Xypex Admix C-1000 is designed for typical Portland cement-rich concrete.  Xypex Admix C-2000 is designed for projects where extended retardation is required.  If using Xypex C-2000 it may be ok to do without a separate retarder admixture.

Xypex Chemical Corporation
13731 Mayfield Place
Richmond, BC, CAN V6V 2G9
Web Site: www.xypex.com
E-mail: info@xypex.com

A concrete supplier (such as in my area Cadman or CalPortland) can supply Xypex (or equivalent from a different manufacturer) as part of the mix.  It is worth checking that they have the instructions on how it should be mixed in at the concrete plant.

Concrete with a water/cement ratio of less than 0.5 will be fairly waterproof even without using a waterproof admixture. 

Waterproofing admixtures are very expensive so it is hard to justify their use.  Your money is better spent (and also a lot less money) by adding more Portland cement to the mix and by having a 6mill polyethylene sheet waterproof membrane.

Using air entrainment is not compatible with using a water proofing agent (such as Xypex).  You need to choose to use Xypex or choose to use Air Entrainment.  In my case I have a polyethylene membrane to keep the concrete dry so I can do without the waterproofing admixture.

Self-compacting admixture

Makes the concrete flow better into all the nooks and crannies.  The only slight worry is that if the lift height in a concrete wall is too great, there would be an increased possibility of a blow out, but good wall bracing can avoid the problem.

Having a high slump due to a HRWR (High Range Water Reducer) does make concrete fairly self compacting so separate self-compacting admixture is probably not required.

The local concrete supplier in my area (Cadman) has a product called PerformX which is a type of Self Compacting Concrete (SCC).  I believe it is just lots of HRWR with lots of VMA to stop it separating.

Shrinkage reducing admixture (SRA)

Portland cement shrinks as it loses moisture from its extremely small pores.  As the moisture is lost in these small pores, the surface tension of the remaining water tends to pull the pores together which results in a loss of volume over time.   This can be overcome using a shrinkage reducing admixture (such as Eclipse 4500).  Shrinkage reducing admixtures (SRAs) are designed to decrease the effects of drying shrinkage by reducing the surface tension in the pores.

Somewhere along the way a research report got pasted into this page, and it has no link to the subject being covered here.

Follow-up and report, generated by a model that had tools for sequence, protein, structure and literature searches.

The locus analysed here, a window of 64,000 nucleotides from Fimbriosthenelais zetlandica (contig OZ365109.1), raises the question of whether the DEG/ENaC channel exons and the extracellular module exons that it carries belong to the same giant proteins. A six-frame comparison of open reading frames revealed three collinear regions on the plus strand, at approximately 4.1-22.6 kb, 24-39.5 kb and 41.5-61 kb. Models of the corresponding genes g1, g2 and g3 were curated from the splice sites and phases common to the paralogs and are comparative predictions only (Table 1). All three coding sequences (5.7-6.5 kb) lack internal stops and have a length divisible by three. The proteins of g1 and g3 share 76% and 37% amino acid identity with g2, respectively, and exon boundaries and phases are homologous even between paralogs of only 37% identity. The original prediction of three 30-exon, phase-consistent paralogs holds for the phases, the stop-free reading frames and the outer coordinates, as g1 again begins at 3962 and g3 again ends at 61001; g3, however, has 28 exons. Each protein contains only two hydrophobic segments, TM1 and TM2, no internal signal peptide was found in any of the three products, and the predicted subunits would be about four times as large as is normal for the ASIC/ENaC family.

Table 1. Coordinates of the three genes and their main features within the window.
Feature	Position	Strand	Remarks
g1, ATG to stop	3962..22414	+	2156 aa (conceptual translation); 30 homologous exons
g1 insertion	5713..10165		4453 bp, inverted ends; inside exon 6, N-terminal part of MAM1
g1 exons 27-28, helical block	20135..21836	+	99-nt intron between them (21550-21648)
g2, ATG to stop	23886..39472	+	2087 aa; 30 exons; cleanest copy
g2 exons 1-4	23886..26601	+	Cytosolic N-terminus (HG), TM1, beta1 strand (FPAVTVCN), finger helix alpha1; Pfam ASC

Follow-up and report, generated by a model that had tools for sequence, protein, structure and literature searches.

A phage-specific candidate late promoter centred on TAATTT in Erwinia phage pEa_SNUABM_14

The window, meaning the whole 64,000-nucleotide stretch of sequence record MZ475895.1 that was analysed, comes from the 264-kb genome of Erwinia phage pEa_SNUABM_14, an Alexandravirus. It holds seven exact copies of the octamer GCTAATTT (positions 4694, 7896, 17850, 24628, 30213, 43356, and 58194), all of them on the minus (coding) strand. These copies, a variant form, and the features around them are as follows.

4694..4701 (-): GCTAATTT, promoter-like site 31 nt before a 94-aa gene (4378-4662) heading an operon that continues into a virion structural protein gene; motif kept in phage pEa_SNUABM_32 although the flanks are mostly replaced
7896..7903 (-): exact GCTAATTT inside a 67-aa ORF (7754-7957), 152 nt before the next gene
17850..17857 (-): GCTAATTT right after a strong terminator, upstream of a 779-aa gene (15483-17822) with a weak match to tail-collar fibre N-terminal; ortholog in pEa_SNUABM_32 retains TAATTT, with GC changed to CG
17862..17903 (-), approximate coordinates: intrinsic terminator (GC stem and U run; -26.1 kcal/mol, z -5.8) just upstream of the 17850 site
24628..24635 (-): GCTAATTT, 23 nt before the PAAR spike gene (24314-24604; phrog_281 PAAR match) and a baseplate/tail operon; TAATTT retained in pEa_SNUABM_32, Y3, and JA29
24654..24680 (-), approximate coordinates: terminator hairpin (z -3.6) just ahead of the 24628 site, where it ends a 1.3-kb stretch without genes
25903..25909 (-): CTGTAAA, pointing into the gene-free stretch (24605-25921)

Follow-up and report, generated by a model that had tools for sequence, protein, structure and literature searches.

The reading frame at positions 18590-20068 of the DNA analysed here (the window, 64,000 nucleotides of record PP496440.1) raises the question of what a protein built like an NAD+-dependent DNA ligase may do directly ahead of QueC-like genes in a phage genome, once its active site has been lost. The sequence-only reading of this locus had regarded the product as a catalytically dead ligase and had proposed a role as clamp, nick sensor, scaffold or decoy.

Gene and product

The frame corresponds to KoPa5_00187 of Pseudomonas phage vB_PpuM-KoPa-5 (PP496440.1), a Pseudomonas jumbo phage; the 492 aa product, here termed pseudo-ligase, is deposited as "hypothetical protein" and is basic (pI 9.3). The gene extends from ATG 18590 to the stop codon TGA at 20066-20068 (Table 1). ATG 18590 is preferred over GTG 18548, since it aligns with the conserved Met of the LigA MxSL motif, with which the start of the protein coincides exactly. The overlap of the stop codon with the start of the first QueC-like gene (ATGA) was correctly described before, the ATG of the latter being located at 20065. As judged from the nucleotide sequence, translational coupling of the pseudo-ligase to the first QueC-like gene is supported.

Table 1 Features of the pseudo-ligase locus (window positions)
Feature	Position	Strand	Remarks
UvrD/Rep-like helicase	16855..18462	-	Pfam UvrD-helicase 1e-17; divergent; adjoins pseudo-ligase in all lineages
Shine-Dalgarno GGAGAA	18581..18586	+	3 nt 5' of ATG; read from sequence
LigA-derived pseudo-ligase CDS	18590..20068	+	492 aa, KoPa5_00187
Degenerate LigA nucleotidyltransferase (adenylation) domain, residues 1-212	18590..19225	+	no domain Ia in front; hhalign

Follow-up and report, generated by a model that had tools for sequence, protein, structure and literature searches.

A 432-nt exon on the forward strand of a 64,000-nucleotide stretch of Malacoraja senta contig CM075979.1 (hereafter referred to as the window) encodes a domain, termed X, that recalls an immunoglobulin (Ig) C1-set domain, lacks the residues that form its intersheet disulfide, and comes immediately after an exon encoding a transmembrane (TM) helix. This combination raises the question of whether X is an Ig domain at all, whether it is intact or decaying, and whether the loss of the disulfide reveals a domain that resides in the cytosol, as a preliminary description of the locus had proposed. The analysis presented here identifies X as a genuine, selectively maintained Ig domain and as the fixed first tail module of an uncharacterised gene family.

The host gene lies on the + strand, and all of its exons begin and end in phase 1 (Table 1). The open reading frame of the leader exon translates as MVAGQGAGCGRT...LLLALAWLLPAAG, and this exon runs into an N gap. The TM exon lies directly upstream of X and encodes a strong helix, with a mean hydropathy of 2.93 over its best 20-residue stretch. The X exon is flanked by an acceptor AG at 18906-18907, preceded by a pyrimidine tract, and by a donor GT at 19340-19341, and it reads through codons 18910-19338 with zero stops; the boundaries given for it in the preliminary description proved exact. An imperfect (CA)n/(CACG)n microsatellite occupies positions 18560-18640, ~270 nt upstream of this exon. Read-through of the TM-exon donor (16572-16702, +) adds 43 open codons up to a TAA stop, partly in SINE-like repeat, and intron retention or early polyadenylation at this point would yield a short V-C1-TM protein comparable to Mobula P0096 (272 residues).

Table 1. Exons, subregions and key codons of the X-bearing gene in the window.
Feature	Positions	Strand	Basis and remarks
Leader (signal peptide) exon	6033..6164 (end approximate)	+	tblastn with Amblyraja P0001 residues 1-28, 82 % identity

Having an SRA is a benefit, but is in practice not really required.

Crack-reducing admixture

This reduces cracking during the drying process.

The best bet is BASF MasterLife CRA 007.

Personally I prefer a crack reducing strategy of using polypropylene fibers and curing the concrete under water.

PH value

Concrete is by its very nature very alkaline, something like a PH of 12 or 13.  Fiberglass rebar is rumored to not like a PH value above about 13.  In practice the concrete supplier is unlikely to be able to adjust the PH so it will come out between 12 and 13.

Corrosion inhibitor

Corrosion inhibitor admixtures are very expensive and they are not organic.  It is best to avoid specifying them, particularly as I am not using steel rebar so there is no need.

Fly-ash and/or slag

This is a by-product from coal power stations.  Some people think it makes concrete "greener".  I have some significant health concerns about using it so for me I rate it as a definite NO.  I also want lots of Portland cement because Portland cement is the glue that holds everything together and substituting flyash will reducing the amount of gluing.


My mix specs

Footing mix

6 Sacks of Type I-II Portland cement per yard
3/8" Gravel
Greater than 4000 psi at 28 days
4" slump (delivered as 8" because of the HRWR)
Absolutely No flyash or slag
Maximum w/c ratio:  0.48
HRWR (plasticizer) - 28 ounces BASF Glenium 7500 per yard
No crack-resistant admix
No fibers
No Retarder
No accelerator
No air entrainment
No waterproofing

Slab mix